World Lupus Day is observed every year on May 10 throughout the world to increase awareness of this auto-immune disorder and gather support for more than 5 million people who are suffering from this condition worldwide. Lupus still remains one of the most unrecognised conditions, hence it is the responsibility of people who are unaffected with this condition to join hands and get involved in doing whatever it takes to fight this life-altering fatal disease. This article details on the various causes, risk factors, symptoms, diagnosis and treatment of this misunderstood disease.
Lupus, medically termed as Systemic lupus erythematosus (SLE) is a long-term autoimmune disorder in which the body’s immune system becomes hyperactive and attacks healthy tissues and organs. Inflammation caused due to this condition can affect many different body systems — including the joints, skin, kidneys, blood cells, brain, heart and lungs.
Since the signs and symptoms of Lupus mimics that of various other diseases, it is often referred to as “disease of a thousand faces.” This makes Lupus quite complex and difficult to diagnose. The preliminary characteristic sign of lupus is a facial rash that resembles the wings of a butterfly unfolding across both the cheeks, but it is found only in some types of Lupus.
There are different types of lupus. These include:
Cutaneous Lupus Erythematosus: This type of lupus mainly affects the cutaneous membrane, i.e., the skin and generally exhibits skin issues like sensitivity to the sun and rashes.
Drug-Induced Lupus: This type of lupus usually occurs as a side-effect of the intake of certain medications. It also gets treated once the medicine is stopped.
Neonatal Lupus: A rare type of lupus, this is mainly diagnosed in infants at the time of birth. Children born with neonatal lupus usually have antibodies that were passed onto them from their mothers.
Since Lupus is an auto-immune disease, it chiefly occurs when the body’s immune system goes haywire and turns against the body's healthy tissues and organs and treats them as foreign body. Although, the exact cause is yet to be discovered, studies suggest that lupus can result from a combination of the individual’s genetic structure and the environment. It shows that some people with an inherited predisposition for lupus may develop the disease when they come into close proximity with something in the environment that can trigger the condition.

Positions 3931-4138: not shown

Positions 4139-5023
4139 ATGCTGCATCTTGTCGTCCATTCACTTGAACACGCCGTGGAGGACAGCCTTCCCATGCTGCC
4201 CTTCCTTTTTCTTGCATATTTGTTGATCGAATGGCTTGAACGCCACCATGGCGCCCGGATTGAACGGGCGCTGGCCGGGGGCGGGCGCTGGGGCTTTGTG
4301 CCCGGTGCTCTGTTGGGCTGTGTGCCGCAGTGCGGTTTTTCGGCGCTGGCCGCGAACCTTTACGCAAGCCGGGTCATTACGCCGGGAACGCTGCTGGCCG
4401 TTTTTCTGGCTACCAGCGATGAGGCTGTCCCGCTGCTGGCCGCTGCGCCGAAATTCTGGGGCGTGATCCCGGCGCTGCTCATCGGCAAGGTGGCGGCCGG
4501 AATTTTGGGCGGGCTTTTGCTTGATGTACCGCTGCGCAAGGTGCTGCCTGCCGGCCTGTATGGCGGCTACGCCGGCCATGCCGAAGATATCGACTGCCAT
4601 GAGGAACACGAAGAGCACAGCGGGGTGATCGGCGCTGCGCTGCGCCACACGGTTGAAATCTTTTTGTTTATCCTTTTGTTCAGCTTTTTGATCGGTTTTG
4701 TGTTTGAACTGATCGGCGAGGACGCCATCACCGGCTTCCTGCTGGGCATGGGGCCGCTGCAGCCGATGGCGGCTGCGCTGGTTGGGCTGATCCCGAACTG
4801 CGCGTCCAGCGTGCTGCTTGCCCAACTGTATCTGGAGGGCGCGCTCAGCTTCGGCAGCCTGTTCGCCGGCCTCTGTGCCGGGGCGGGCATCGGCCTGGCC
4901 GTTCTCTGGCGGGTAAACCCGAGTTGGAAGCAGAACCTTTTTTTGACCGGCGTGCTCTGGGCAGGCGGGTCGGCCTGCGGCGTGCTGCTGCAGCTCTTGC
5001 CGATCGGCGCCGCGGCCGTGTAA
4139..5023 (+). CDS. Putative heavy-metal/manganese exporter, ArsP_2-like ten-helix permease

Lupus can occur due to several factors including hormonal, genetic, environmental, or a combination of these factors. Some potential triggers of Lupus includes:
Hereditary: Some evidence suggests that there is a higher incidence of a person developing lupus if a family member has it
Hormones: Some studies suggest that exposure to estrogen, a sex hormone that females produce more than males, can aggravate the risk of lupus
Sunlight: Lupus skin lesions and rashes can crop up in susceptible people on exposure to sunlight
Infections: Lupus can also get triggered or relapse in case the person has any infection
Medications: Lupus can get initiated in people who are taking certain types of blood pressure medications, anti-seizure medications and antibiotics.
Smoking: Exposure to toxic components present in the smoke of cigarette may often increase the risk of genetic mutations and gene activations linked to SLE.
Certain causative factors that increase the risk of lupus includes:
Sex: Lupus is more commonly noticed in women than men
Age: Although lupus affects people of all age groups, it is most often diagnosed in people between the ages of 15 and 45
Ethnicity: The incidence of lupus is more common in African Americans, Hispanics and Asian Americans
The symptoms of Lupus in different people occur differently. The characteristic signs and symptoms may come on suddenly or develop gradually with time, and may be mild or severe, or temporary or permanent in nature. In most people, the symptoms might come and go in waves — often called flare-ups.
The signs and symptoms of lupus in a person usually depends on which organs or body systems the infection has affected. The most common signs and symptoms include:
- Shortness of breath
- Chest pain
- Dry eyes
- Mouth ulcers
- Malar rash (butterfly-shaped rash on the face)
- Skin lesions that appear or worsen on exposure to the sun
- Raynaud’s disease, ( a condition where fingers and toes turn white or blue on exposure to cold or during stressful events )
- Memory loss
- Hair loss
- Weight loss
If the condition is left untreated for a long time, it can often complicate to:
- Kidney damage or failure
- Complications with the brain and central nervous system
- Cardiovascular complications
- Lung problems
- Low blood count
- Heart problems
- Bone tissue death
- Pregnancy complications
Diagnosis And Treatment
On noticing the above-mentioned signs and symptoms, do consult a doctor at the earliest to avoid complications. The doctor usually does a thorough physical check-up, acknowledges the patient’s past medical history and family history and conducts a series of diagnostic tests to confirm lupus as the signs mimic many other conditions.
Diagnostic Tests include:
- Complete Blood Count
- Erythrocyte Sedimentation Rate
- Kidney and Liver Assessment
- Antinuclear Antibody (ANA) Test
- Imaging techniques including Chest X-ray, and Echocardiogram
Treatment plan usually depends on the characteristic signs and symptoms, severity of the case, general health, medical history, and the type of medications the patient is already taking. The medications most commonly used to control lupus include:
- Nonsteroidal anti-inflammatory drugs (NSAIDs)
- Anti-malarial drugs